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Summary of University of California research on irrigation management for almond trees under drought conditions

For maximum growth, yield, crop quality and orchard longevity almonds trees should be supplied with water to meet their full water requirement. There are some disease concerns with hull rot under full water conditions which can be addressed with moderate water stress during hull split. (Teviotdale et al. 2001) If water availability is limited, growers can react by applying irrigation water when trees are most sensitive to stress and by taking measures to minimize water losses that occur during irrigation events. Supplying less water than the trees can potentially use reduces soil water availability, causes tree water deficits, and reduces transpiration. Cover crops, depending on the coverage and the time of the season in which they are grown can increase the orchard water use by up to 30% . Cover crops should be removed when water is in limited supply (Prichard et al. 1989).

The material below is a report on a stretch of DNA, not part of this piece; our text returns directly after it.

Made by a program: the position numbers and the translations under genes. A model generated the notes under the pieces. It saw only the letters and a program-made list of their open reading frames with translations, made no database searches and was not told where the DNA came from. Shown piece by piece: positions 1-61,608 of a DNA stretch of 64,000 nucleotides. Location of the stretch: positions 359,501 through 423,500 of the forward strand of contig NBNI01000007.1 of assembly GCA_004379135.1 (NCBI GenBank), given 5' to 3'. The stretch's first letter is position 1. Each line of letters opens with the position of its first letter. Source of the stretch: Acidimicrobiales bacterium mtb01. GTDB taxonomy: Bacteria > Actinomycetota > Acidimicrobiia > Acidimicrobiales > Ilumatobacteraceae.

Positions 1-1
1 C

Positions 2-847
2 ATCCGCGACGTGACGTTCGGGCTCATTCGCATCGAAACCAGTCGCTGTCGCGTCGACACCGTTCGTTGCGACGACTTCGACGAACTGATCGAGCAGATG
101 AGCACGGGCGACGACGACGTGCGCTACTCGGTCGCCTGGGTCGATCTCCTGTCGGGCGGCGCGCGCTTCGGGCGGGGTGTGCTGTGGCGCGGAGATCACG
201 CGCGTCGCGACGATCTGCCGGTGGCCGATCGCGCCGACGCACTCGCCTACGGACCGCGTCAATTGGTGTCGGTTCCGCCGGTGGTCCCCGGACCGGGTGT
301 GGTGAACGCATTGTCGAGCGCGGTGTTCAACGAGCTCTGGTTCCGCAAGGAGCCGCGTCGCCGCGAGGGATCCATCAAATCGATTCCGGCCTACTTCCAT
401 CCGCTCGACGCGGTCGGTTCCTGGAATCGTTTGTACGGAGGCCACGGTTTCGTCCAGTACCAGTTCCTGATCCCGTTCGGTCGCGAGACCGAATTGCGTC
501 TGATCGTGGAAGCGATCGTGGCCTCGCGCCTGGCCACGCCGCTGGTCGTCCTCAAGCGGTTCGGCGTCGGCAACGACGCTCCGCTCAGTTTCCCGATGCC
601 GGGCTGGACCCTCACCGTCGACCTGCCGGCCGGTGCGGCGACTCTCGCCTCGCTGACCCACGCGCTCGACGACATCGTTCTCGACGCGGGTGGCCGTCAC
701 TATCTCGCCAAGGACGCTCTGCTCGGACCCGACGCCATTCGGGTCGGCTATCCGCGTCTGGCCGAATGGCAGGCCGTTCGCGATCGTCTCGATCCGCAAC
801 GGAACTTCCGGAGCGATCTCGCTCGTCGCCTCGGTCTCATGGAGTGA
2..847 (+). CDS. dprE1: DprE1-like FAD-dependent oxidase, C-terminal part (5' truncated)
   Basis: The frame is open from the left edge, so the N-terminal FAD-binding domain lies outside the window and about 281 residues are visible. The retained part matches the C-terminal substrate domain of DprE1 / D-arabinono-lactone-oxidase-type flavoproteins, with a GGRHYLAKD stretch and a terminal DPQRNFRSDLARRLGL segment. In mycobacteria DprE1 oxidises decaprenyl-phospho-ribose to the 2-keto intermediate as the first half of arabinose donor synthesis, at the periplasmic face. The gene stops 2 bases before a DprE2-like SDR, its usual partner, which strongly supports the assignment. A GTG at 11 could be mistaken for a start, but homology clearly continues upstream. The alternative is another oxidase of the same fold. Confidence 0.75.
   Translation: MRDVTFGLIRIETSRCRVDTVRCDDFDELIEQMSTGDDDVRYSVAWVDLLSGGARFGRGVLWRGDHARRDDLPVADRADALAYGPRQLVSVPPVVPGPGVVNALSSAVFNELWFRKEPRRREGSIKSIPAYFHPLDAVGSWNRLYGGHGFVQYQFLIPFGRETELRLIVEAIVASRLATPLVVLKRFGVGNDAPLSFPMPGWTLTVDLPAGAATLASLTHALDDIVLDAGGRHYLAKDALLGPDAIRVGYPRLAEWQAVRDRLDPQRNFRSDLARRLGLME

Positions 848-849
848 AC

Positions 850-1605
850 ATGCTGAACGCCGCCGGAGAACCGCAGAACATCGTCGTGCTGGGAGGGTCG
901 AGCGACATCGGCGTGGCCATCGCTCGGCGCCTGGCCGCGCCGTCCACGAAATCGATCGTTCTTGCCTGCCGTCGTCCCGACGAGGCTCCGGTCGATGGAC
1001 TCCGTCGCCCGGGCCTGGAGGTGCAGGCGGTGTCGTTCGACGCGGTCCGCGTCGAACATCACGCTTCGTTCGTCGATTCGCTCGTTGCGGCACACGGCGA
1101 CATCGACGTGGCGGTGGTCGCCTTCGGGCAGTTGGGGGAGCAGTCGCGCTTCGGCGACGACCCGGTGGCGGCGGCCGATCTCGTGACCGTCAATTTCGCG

Water deficits affect almond orchards not only in the year in which stress occurs, but also in the following seasons. Generally, nut size is reduced in the first season of significant water stress. Because water stress also reduces vegetative growth and potentially decreases productivity per unit canopy volume, nut load can be reduced in subsequent years (Lampinen et al. 2007). Recent research indicates some stages of almond fruit growth are more sensitive to water stress than others. Understanding these stages permits growers to withhold water while minimizing damage to trees and to current and subsequent crops.

Early season stress